Although the demand for generic competition in the biopharmaceutical market could potentially be great, regulators have been slow to clear a pathway for the approval of generic biopharmaceuticals.
When pharmaceutical products contain active ingredients that are biological in nature and are manufactured using live organisms, such as either standard or specialized bacterial or animal cell lines, we call them biopharmaceuticals.1
Collectively, the technology used to produce these drugs is called biotechnology.1
Biotechnology is a new science that still lacks adequately developed supporting laws about generic competition; consequently, the field is afloat with controversy. Even emerging language that describes this field is new and confusing to many pharmacists. The Table contains some explanations for common and technical biotechnology and biopharmaceutical terms. Pharmacists need to understand these terms to communicate with their patients about the biogenerics controversy.
Some familiar biopharmaceuticals widely used in the United States include epoetin alfa (Epogen and Procrit), filgrastim (Neupogen), and 50% human insulin isophane suspension and 50% human insulin of recombinant DNA origin (Humulin). In the United States, the biopharmaceuticals market is worth about $8 billion.2
Since 1981, the FDA has approved more than 300 such products for market.3
With a brand market valued at $8 billion, the potential US market for generic biopharmaceuticals is thought to be about $2 billion.2
The US regulatory system currently lacks a mechanism, however, for their approval. The 1984 Waxman-Hatch amendment allows generic manufacturers to submit an abbreviated application showing proof of only bioequivalence, not safety and efficacy. The amendment does not apply, however, to products approved by the FDA’s Center for Biologics Evaluation and Research (CBER), the arm of the agency responsible for approving biopharmaceuticals.2
Many health care stakeholders in the United States are demanding a mechanism for the approval of biogenerics because of increased pressure to contain costs. As of yet, Congress has not approved any related legislation.
What Are the Arguments Against Creating a Regulatory Pathway for Biogenerics?
Most stakeholders in the United States, including public and private insurers, patients, and generic drug manufacturers, would benefit from healthy generic competition in the biopharmaceuticals market. Some groups oppose the development of an approval pathway in the United States, however. Opponents are primarily representatives of biotechnology companies who stand to lose a great deal if generic manufacturers are allowed to profit from their innovations. Their primary argument against biogenerics is that, unlike most smallmolecule drugs, biopharmaceuticals are highly complex molecules whose shape and structure are impossible to fully characterize. This is further complicated by the fact that originator companies rarely publish proprietary information about the specific molecular clone, original cell bank, or exact fermentation and purification processes. This difficulty, they argue, makes it nearly impossible for competitors to develop a drug with identical properties and pharmacologic activity, because the molecules are very sensitive to manufacturing process changes. Failure to replicate the manufacturing process accurately leads to differences that may have serious health implications.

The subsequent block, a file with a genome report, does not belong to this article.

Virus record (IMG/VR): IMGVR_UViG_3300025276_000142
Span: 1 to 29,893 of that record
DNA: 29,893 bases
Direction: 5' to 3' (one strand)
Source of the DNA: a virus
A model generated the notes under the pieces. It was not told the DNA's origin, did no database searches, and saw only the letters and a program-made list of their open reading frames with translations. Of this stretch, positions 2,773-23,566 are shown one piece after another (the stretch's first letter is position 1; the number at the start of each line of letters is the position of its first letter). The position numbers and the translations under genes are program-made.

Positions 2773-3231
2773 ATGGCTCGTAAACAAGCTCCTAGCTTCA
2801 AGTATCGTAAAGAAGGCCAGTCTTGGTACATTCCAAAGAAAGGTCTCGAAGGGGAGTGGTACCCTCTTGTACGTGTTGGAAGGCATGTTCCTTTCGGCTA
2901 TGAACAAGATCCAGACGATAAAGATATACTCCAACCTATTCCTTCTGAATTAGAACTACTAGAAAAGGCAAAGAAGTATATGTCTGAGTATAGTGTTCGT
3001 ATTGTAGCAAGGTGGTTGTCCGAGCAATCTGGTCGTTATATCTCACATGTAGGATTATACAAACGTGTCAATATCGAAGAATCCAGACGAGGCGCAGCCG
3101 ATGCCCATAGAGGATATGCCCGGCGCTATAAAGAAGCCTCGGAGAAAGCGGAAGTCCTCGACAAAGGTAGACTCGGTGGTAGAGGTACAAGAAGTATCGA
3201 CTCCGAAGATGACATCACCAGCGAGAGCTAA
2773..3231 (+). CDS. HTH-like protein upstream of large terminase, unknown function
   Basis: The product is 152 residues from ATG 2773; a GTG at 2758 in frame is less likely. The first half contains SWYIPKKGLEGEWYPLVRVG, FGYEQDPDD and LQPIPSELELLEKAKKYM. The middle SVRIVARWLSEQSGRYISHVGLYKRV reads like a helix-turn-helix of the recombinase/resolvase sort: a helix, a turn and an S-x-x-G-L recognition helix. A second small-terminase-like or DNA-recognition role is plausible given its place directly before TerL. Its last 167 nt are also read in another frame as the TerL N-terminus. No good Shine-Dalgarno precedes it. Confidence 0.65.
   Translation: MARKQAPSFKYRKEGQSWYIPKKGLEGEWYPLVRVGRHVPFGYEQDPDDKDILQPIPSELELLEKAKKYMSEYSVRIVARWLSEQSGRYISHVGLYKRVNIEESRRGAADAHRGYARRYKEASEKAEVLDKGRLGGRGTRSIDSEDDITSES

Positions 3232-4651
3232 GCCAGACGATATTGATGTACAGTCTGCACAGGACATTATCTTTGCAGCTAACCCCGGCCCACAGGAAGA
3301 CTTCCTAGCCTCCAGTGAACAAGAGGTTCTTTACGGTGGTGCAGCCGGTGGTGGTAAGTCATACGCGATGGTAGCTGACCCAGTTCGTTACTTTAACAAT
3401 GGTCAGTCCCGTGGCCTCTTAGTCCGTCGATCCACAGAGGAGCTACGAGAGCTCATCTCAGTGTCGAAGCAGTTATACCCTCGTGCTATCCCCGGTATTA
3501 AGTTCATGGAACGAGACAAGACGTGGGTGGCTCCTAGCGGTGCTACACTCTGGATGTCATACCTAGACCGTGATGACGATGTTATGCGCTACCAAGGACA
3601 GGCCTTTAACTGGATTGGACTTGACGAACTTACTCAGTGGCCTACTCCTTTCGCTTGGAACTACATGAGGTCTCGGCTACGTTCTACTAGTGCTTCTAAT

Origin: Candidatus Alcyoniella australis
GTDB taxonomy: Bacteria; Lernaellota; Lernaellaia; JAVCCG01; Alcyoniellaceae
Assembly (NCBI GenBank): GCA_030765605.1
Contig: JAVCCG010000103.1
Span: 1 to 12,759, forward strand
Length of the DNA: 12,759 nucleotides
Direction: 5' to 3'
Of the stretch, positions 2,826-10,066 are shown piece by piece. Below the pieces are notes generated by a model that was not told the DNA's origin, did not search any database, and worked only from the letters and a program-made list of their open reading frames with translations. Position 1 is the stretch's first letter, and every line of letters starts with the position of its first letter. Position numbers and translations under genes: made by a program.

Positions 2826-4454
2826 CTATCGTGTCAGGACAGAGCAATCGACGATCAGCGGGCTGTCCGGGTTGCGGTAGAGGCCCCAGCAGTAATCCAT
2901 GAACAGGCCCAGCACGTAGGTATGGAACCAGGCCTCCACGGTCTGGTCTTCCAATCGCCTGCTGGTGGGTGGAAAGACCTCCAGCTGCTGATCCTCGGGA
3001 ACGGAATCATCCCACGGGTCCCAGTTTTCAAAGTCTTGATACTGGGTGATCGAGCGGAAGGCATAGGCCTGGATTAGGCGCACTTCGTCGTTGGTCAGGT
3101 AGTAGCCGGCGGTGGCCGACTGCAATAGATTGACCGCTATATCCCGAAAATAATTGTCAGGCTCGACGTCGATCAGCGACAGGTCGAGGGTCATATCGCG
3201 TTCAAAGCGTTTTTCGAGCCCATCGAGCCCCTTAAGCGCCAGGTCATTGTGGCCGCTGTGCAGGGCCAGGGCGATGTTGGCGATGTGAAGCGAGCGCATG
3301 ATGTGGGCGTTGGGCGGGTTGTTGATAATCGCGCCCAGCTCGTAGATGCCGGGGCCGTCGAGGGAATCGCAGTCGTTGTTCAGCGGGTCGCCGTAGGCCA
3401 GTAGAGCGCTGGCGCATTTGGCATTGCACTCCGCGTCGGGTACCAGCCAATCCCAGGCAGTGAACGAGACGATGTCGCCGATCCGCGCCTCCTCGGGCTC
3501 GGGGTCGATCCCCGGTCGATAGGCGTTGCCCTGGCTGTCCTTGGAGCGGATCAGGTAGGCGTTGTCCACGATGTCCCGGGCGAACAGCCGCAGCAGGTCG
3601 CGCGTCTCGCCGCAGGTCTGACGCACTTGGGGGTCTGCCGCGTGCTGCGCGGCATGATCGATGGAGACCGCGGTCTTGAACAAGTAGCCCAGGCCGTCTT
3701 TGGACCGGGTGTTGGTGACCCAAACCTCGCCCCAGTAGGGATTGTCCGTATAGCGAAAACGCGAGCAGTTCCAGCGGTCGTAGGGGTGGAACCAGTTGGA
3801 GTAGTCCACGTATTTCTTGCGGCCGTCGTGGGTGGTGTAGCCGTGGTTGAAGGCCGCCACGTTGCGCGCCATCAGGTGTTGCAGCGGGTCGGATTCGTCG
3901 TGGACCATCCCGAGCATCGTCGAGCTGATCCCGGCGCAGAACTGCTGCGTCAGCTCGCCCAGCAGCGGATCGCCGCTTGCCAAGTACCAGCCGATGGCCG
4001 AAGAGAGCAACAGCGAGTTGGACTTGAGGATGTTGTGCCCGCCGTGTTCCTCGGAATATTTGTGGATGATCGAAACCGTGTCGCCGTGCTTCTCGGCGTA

Advocates for biogenerics agree that some complex molecule biopharmaceuticals are difficult to characterize. They say, however, it is also true that most can be adequately described: molecular complexity is a continuum for all pharmaceuticals.4
Plus, this “complexity” argument also applies to any production changes by the innovator company, changes that are currently acceptable within the regulatory framework of “comparability” (see Table).
Generic biotechnology companies, they argue, have the capacity to develop similar, although not identical, approaches to producing the same product. For example, human growth hormone is produced by 5 manufacturers in Europe, where regulators created a mechanism for biogenerics approvals in 2005.4
Two of the manufacturers use standard Escherichia coli; 2 use specialized E coli strains; and 1uses a transformed mouse cell line to express the product.2
Despite these different manufacturing processes, all produce a 191-amino acid sequence that is identical to human pituitary growth hormone.
The demand for generic competition in the biopharmaceuticals market is potentially great. In the United States, regulators have been slow to adopt legislation enabling generic manufacturers to create generic versions of these products. The European Union has created a special adaptive approval procedure for “similar biological medicinal products,” biosimilars, or biogenerics. ■
Dr. LaFleur is an assistant professor at the University of Utah College of Pharmacy Pharmacotherapy Outcomes Research Center and an investigator in the Salt Lake City Veterans Affairs Informatics, Decision Enhancement, and Surveillance (IDEAS) Center.
1. Rader RA. What are generic biopharmaceuticals? Biogenerics? Follow-on proteins? Biosimilars? Follow-on biologics? Available online at www.biopharma.com/whatisabiogeneric.html. Accessed April 25, 2008.
2. Polastro ET, Little AD. Biogenerics: Myth or reality? Biotechnology. Available online at www.iptonline.com/articles/public/IPTNINE63NoPrint.pdf. Accessed April 25, 2008.
3. Rader RA. FDA FDA Biopharmaceutical Product Approvals and Trends: Significantly More Approvals Were Granted in 2009, Editorial and Listings from 2002-Present: Based on 'Biopharmaceutical products in the US and European Markets.' Available online at http://www.biopharma.com/approvals_2009.html. Accessed March 30, 2010.
4. Ben-Maimon CS. Point: why biogenerics make sense. Nat Biotechnol 2006;24:268-9.